The Puppeteer

Fiction
Judy Darley


London Storyfest 2012: Sock Puppet #3
Photo Credit: Isabelle

How long had it been now? Peter wasn’t certain. More than one year, less than two. God, how had so much time crept by? He’d thought he’d get them back before this many months. Once the numbness and confusion passed, he was certain he’d be able to win Nancy over, persuade her to bring Pippa home, but it had already been, what was it, eighteen months, twenty? Or more…

He’d only seen young Pippa the once since they left him, and that had been in the most humiliating of circumstances.

Things slid downhill after Nancy and six-year-old Pippa moved out. In an effort to reject all Nancy had accused him of, of caring more about his work and the puppets than about his wife and daughter, he’d turned his back on his creations. Then, in an act of rage, as though they were sentient enough to be culpable for the ruin of his marriage, he piled the whole lot up in the centre of the lawn, set them alight.

He tried not to feel their bewilderment, not to hear their shrieks of fear, as the flames sent acrid, choking smoke into the night sky and made a dark scorched circle on the grass. Tears streamed down his sooty face, and he told himself he was committing some kind of sacred act; a magician’s trick to bring his wife and Pippa home to him, prove how little hold the puppets had over him, compared to his love for the two of them

But of course, that was the business gone—his former clients found new talents, better puppet-masters, youngbloods with the power to give life to lurid scraps of fabric that Peter figured ought to lack the power of his own handstitched creations. He took a job in a phone shop, wearing a suit he was ill at ease in, trying to talk teenagers into signing contracts that would lock them in for years to come. He felt like Satan’s accomplice.

Each night for what felt like a decade or longer he went home to the dingy apartment and felt more alone than before he’d even met Pippa’s mother, because then, of course, he at least had the puppets.

It was laundry day that sucked him back in to it all. A stray, freshly-washed-and-dried sock falling from the basket to the floor. Peter picked it up and, telling himself it was just to keep it safe while he searched for its mate, stuck it onto one hand. Of course, his fingers in the worn grey cotton toe formed the nose. Naturally, his thumb in the heel formed the mouth. He shoulda seen it coming.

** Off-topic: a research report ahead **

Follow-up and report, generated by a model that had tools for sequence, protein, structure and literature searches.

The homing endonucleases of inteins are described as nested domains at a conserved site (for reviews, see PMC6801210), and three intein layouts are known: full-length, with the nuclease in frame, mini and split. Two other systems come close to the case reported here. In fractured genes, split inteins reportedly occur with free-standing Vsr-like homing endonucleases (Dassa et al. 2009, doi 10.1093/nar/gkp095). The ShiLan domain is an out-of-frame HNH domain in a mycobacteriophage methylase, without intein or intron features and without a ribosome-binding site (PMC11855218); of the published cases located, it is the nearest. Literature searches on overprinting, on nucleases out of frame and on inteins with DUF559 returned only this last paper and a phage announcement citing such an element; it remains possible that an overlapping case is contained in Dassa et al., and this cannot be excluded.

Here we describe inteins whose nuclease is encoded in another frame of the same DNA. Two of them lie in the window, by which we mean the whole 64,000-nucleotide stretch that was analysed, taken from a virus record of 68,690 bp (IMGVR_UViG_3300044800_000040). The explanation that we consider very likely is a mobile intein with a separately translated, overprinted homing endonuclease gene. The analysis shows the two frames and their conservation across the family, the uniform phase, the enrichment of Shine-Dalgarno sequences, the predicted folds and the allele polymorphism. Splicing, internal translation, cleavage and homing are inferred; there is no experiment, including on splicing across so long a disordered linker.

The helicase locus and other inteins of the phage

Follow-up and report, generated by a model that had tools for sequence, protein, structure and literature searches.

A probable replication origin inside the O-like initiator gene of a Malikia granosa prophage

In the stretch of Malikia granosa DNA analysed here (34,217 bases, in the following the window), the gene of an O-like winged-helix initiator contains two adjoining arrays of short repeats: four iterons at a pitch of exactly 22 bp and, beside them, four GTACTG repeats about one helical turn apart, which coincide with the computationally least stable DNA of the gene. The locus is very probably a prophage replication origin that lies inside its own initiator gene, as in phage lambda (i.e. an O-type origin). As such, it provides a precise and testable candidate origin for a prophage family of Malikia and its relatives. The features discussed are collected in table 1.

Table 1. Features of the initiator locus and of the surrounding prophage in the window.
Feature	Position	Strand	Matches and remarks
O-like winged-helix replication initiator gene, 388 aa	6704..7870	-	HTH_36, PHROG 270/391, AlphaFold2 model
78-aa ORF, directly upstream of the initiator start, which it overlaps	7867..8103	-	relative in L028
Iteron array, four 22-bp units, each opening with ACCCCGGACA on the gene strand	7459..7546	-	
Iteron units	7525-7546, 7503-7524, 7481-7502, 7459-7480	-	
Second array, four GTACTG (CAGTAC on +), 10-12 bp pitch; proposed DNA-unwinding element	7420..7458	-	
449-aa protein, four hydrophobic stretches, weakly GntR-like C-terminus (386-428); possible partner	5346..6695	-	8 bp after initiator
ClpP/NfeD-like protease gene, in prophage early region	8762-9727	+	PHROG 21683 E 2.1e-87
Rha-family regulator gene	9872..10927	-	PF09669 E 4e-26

He found its mate, drew it on over his other hand, let the pair chat to one another and to him. Righty and Lefty, the first friends he’d made since his wife left. Peter felt the closest he’d come to happiness in a long time.

Then, one day while he was performing with these two at the buskers’ spot near the abbey, he saw her. Older than he’d thought possible—far more than almost two years must have slipped by without him noticing. She was with a gaggle of mates—it was one of them who noticed him with a ring of tourists around him, laughing and cheering the puppets’ antics on.

“Oi, Pippa, int that yer dad?”

She’d glanced up, met his gaze, then recoiled with a force that seemed to catch at something deep inside his chest and tear it a little.

She shook her head. “Nah, don’t be daft! My dad don’t even live round here.”

He watched her slope into the crowd, head down low like she was trying to hide herself from him. Yet she’d looked him in the eye, must have known he’d stared right back at her.

Weeks skidded by before he had the nerve to act, let the puppets badger him into picking up the phone, leave a message with Nancy. “Tell her that tomorrow I’ll be at the bar on the corner near where we used to live,” he said. “Just tell her that. I’ll wait all day if needs be. If she don’t turn up, that’s her choice. But I’ll be there, waiting.”

It took all his courage to leave the apartment, head across town, pass the house where the burnt circle still blackened the lawn. Only the two balled-up socks in his pockets gave him the guts to do it. He found a table in a far corner that he could watch the door from, nursed his drink, nursed another, watched the shadows track across the floor.

“I’m going to go home,” he muttered at last. “This is stupid.”

“Hang on a bit longer,” Righty urged.

“Yeah, you said you’d wait all day,” Lefty nodded. “Give her a chance.”

“Yeah,” said Rightly, then added sagely, “Give her a chance to give you a chance.”

So he sat, he waited, as the afternoon sun sneaked in and painted the wall behind him golden, and he half-closed his eyes against it, so that when he blinked them back open he wasn’t sure what he was seeing was true. Standing before him, biting her lip, half the six-year-old who’d left with her mum and half the sixteen-year-old she’d become.

“Pippa.” He dragged the puppets off his hands, shoving them into his jacket pockets. “Pippa, you’re here.”

pencilJudy Darley is a British fiction writer and journalist. She’s had short stories published by lit mags and anthologies including Germ Magazine, Litro, Riptide Journal, and The View From Here. Judy’s debut short story collection Remember Me To The Bees is out now. She blogs at SkyLightRain and tweets at @EssentialWriter. Email: judydarley[at]yahoo.co.uk